packages/containers as prescribed in 6.1 at room temperature for not less than 12 months from the
date of production.
5.1.3 Moisture content
The material shall not contain more than 25 per cent moisture by dry mass, when tested as
prescribed in SLS 645 : Part 2.
5.1.4 Odour
The material shall not have any unpleasant odour.
5.1.5 Particle size
The material shall not leave a residue of more than 2 per cent by mass when tested as prescribed in
Appendix B.
5.1.6 Sand content
The material shall not contain more than 10 per cent sand when tested as prescribed in
Appendix C.

SLS 1246 : 2003

5.2 Nutrient requirements

Page 43 of 57

5.2.1 The material shall also comply with the requirements given in Table 1.
TABLE 1 - Nutrient requirements for compost from municipal solid waste
and agricultural waste

Sl.
No.
(1)

Characteristic
(2)

Requirement
(3)

Method of test
(4)

i)

pH

6.5 8.5

ISO 10390

ii)

Organic carbon, per cent by mass, min.

20

Appendix D

iii)

Nitrogen content, per cent by mass, min.

1.0

SLS 645 : Part 1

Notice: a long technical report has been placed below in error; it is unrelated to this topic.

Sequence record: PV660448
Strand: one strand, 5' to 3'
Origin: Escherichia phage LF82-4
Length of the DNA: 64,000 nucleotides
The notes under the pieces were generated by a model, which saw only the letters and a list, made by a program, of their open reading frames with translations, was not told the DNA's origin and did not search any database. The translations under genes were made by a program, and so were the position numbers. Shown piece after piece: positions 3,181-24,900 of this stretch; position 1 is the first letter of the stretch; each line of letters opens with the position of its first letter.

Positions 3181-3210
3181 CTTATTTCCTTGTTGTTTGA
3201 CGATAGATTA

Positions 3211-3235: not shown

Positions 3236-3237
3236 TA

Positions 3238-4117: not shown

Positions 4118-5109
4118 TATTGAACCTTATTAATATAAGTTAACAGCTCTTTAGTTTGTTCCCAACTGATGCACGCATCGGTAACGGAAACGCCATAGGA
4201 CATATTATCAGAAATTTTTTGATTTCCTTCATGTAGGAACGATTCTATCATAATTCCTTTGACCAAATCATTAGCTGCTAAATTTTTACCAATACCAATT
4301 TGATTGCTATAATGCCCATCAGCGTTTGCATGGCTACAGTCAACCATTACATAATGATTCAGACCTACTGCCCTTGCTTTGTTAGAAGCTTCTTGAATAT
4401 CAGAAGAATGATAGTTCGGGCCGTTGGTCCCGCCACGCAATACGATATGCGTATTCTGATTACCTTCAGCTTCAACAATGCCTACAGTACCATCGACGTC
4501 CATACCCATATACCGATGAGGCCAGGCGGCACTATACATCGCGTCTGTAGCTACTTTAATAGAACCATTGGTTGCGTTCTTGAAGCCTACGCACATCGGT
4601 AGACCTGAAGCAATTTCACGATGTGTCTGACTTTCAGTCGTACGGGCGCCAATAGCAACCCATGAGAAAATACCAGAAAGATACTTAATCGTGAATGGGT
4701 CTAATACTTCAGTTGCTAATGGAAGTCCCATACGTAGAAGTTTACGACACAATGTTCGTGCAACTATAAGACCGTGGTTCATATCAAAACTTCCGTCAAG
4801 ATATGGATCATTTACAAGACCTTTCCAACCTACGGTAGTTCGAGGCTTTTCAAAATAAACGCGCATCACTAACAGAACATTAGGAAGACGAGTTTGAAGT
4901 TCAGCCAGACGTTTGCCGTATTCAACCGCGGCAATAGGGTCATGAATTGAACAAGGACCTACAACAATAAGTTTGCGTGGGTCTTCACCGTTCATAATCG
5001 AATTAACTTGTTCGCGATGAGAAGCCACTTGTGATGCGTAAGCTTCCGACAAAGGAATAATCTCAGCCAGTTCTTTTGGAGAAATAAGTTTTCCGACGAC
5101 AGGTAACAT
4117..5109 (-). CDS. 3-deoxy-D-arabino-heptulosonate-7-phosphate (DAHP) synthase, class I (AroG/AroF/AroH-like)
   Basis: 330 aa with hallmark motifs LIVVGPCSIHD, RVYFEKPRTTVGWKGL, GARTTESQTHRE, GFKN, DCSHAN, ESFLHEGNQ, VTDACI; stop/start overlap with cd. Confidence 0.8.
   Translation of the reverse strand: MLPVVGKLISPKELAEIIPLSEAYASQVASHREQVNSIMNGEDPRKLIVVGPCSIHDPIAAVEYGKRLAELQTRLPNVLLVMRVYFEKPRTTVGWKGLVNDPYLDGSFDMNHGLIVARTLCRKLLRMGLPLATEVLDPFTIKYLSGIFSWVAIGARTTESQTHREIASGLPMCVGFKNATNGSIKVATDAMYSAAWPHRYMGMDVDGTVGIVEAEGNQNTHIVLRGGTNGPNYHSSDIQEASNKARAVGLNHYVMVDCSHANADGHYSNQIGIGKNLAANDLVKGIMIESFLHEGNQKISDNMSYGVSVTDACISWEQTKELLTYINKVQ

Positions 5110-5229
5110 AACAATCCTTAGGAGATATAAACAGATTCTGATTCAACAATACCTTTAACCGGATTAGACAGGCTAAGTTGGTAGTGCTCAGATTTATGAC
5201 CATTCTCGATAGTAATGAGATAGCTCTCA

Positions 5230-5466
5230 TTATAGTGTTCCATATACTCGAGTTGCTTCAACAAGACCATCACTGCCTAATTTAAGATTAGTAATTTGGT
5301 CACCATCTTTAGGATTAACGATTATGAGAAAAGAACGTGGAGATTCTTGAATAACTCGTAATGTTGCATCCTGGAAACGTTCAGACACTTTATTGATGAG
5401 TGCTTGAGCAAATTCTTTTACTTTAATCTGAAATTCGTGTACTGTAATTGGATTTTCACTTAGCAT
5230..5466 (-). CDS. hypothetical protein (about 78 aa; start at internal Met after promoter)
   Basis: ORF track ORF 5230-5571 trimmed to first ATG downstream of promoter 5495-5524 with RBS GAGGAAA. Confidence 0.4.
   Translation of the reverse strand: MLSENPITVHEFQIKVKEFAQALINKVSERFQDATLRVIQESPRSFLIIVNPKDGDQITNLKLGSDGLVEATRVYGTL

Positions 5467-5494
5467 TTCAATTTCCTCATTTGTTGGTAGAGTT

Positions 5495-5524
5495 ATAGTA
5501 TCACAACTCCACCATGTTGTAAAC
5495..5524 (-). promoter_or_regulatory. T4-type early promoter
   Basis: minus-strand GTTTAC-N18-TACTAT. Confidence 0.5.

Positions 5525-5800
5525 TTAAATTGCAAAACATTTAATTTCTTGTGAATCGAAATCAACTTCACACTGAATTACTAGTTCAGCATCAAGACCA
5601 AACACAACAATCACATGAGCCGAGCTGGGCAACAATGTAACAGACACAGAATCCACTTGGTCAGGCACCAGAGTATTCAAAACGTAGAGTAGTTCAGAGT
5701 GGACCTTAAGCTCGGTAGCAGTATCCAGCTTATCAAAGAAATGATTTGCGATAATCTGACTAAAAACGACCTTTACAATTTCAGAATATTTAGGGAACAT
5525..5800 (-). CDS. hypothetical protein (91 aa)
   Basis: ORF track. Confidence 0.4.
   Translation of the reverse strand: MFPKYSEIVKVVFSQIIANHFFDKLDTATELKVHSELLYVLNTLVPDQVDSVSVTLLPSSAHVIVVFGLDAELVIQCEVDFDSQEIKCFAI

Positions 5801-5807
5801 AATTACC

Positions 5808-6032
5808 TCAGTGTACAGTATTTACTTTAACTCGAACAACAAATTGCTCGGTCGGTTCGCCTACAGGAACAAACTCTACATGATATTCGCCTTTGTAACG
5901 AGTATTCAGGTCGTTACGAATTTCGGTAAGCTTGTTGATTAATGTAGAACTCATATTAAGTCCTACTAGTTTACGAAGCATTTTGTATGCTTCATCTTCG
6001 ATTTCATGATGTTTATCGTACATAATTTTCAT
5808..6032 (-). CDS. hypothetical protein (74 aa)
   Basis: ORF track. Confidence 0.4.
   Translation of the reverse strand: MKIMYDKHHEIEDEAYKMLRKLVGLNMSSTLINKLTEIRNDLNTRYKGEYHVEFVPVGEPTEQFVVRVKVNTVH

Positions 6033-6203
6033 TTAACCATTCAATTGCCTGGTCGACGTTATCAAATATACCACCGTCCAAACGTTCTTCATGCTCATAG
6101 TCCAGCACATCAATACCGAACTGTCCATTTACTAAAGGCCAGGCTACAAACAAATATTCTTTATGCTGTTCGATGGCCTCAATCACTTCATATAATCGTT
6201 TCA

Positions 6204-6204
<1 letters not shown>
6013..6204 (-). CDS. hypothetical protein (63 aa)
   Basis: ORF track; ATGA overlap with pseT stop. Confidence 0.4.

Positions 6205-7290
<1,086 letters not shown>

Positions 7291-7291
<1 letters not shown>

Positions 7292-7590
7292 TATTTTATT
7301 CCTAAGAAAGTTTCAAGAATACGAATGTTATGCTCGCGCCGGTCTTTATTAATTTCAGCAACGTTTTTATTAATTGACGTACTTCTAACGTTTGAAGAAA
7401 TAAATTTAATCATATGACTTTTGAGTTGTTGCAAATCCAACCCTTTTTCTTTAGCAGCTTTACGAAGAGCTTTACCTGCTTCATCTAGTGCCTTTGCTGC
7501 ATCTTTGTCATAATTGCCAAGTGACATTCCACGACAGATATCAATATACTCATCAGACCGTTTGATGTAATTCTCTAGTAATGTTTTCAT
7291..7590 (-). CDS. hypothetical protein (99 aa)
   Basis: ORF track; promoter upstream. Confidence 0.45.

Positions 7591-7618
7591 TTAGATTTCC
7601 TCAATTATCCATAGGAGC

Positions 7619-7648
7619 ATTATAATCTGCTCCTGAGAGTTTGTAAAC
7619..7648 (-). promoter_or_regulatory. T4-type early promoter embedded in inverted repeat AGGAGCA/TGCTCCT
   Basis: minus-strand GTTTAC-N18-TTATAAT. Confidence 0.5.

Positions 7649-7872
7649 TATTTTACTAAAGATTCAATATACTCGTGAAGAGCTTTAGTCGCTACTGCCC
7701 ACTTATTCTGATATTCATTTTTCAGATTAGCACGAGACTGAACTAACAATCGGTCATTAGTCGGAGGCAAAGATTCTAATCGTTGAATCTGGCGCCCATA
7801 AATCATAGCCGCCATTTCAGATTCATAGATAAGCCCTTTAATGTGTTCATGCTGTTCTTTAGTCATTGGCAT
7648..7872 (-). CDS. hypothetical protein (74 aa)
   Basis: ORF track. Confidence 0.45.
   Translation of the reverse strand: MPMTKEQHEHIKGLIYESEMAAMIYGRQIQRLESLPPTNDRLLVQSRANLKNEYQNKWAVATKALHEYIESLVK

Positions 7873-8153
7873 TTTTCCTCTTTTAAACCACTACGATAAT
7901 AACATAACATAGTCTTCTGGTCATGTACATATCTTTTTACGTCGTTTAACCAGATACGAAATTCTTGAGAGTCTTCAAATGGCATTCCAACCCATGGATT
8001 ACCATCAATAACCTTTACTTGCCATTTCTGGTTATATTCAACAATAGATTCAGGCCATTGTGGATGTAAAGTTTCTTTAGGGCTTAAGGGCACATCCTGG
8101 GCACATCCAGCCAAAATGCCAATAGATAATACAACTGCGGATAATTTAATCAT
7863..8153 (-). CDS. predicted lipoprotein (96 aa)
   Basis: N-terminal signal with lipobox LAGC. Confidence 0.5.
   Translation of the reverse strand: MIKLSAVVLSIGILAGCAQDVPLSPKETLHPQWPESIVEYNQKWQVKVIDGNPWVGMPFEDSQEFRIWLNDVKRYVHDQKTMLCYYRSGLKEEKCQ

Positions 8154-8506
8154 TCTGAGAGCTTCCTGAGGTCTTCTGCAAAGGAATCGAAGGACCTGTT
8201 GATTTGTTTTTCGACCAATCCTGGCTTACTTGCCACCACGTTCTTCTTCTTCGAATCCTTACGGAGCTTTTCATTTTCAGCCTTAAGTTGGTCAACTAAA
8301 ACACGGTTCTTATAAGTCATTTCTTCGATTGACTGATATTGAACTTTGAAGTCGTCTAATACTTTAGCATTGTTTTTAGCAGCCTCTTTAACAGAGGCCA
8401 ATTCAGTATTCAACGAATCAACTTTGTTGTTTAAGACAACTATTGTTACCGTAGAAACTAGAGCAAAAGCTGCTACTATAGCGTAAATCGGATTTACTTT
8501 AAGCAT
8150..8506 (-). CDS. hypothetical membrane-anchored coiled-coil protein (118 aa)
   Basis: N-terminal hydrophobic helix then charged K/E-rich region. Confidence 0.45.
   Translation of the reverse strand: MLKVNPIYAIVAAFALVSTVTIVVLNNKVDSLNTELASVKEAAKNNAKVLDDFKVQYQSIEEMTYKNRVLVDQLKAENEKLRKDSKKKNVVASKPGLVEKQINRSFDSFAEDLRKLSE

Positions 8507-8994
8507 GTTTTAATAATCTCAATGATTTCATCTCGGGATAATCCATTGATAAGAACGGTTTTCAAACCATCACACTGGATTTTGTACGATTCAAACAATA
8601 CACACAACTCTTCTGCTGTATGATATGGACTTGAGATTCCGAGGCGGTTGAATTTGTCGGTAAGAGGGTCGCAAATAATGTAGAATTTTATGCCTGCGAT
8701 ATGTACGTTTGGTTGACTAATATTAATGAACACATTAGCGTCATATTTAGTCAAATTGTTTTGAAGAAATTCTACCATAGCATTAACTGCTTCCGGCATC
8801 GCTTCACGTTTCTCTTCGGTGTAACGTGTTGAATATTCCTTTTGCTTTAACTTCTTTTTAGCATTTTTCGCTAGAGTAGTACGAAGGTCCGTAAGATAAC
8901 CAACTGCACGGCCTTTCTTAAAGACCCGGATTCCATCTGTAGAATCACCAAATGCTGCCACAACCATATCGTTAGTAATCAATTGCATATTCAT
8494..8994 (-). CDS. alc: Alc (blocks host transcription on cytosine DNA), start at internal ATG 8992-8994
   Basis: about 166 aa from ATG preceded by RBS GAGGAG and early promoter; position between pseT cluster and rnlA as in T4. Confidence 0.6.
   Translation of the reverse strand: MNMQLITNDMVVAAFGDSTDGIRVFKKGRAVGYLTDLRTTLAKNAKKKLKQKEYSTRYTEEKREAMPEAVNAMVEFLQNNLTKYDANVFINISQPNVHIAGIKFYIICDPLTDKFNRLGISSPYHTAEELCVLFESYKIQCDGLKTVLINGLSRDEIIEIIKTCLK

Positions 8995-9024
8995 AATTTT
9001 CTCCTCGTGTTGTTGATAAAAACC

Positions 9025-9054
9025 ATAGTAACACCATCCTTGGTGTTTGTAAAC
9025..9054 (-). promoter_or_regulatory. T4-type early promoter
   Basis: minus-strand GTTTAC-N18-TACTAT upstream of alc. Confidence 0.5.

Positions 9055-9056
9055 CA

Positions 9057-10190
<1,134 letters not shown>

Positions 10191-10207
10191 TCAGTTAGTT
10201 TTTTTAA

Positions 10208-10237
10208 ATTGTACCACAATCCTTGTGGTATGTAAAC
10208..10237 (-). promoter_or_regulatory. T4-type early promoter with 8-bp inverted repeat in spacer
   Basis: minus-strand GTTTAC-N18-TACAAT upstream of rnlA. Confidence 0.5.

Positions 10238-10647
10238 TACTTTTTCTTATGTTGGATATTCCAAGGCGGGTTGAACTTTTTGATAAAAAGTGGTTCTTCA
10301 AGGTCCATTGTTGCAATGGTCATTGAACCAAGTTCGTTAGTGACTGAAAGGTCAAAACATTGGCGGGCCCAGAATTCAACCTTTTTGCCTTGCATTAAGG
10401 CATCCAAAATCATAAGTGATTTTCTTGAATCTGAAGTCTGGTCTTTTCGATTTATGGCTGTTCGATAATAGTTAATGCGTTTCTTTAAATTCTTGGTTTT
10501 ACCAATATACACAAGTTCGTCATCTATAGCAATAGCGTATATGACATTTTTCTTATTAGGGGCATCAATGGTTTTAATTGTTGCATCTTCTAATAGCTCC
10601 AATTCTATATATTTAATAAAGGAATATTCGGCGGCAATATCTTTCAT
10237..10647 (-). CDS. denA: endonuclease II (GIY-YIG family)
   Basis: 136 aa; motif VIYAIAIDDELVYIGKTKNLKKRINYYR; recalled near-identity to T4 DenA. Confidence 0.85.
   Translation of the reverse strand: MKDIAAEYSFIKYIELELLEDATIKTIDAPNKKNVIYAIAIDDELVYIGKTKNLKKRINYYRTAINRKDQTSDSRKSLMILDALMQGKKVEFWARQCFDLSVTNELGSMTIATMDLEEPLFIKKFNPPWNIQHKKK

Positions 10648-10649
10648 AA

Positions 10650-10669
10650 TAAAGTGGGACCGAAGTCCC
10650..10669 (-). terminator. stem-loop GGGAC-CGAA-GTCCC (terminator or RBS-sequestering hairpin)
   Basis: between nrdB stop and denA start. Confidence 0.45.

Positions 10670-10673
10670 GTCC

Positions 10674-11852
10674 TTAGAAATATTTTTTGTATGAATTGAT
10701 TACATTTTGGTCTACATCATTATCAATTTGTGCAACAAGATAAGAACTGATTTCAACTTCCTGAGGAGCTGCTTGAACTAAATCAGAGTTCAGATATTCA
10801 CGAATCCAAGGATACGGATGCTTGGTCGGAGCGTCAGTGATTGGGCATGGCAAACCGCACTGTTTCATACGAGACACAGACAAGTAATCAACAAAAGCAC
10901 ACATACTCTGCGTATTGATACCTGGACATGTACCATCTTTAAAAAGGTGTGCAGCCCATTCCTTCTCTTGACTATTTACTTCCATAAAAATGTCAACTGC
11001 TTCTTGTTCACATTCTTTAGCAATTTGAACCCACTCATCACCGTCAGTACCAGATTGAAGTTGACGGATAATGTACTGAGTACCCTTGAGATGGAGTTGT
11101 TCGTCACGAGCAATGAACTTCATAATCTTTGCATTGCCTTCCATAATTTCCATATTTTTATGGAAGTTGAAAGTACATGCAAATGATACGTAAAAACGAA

iv)

Phosphorous content, as P2 O5 per cent by mass, min.

0.5

SLS 645 : Part 5

v)

Potassium content, as K2 O per cent by mass, min.

1.0

vi)

Magnesium content, as MgO per cent by mass, min.

0.5

SLS 645 : Part 4


Section 1
SLS 645 : Part 6

vii)

Calcium content, as CaO per cent by mass, min.

0.7

SLS 645 : Part 6

5.2.2 Carbon to Nitrogen ratio (C to N ratio )


The carbon to nitrogen ratio of the material shall be in the range 10 to 25 when calculated as in
Appendix F.

SLS 1246 : 2003

5.2 Limits for heavy metals

Page 44 of 57

The material shall not exceed the limits for heavy metals given in Table 2.
TABLE 2 Limits for heavy metals
Characteristic
Requirement
Method of test
(2)
(3)
(4)

Sl.
No.
(1)
i)

Cadmium content, ppm, max.

10

AOAC (975.03)
(Digestion)

ii)

Chromium content, ppm, max.

1000

iii)

Copper content, ppm, max.

400

Suitable Atomic

iv)

Lead content, ppm, max.

250

v)

Mercury content, ppm, max.

02

Absorption
Spectrophotometer
(Detection)

vi)

Nickel content, ppm, max.

100

vii)

Zinc content, ppm, max.

1000

5.4 Biological requirements


The material shall not contain more than 16 viable weed seeds per square metre when tested as
prescribed in Appendix E .
5.5 Microbiological requirements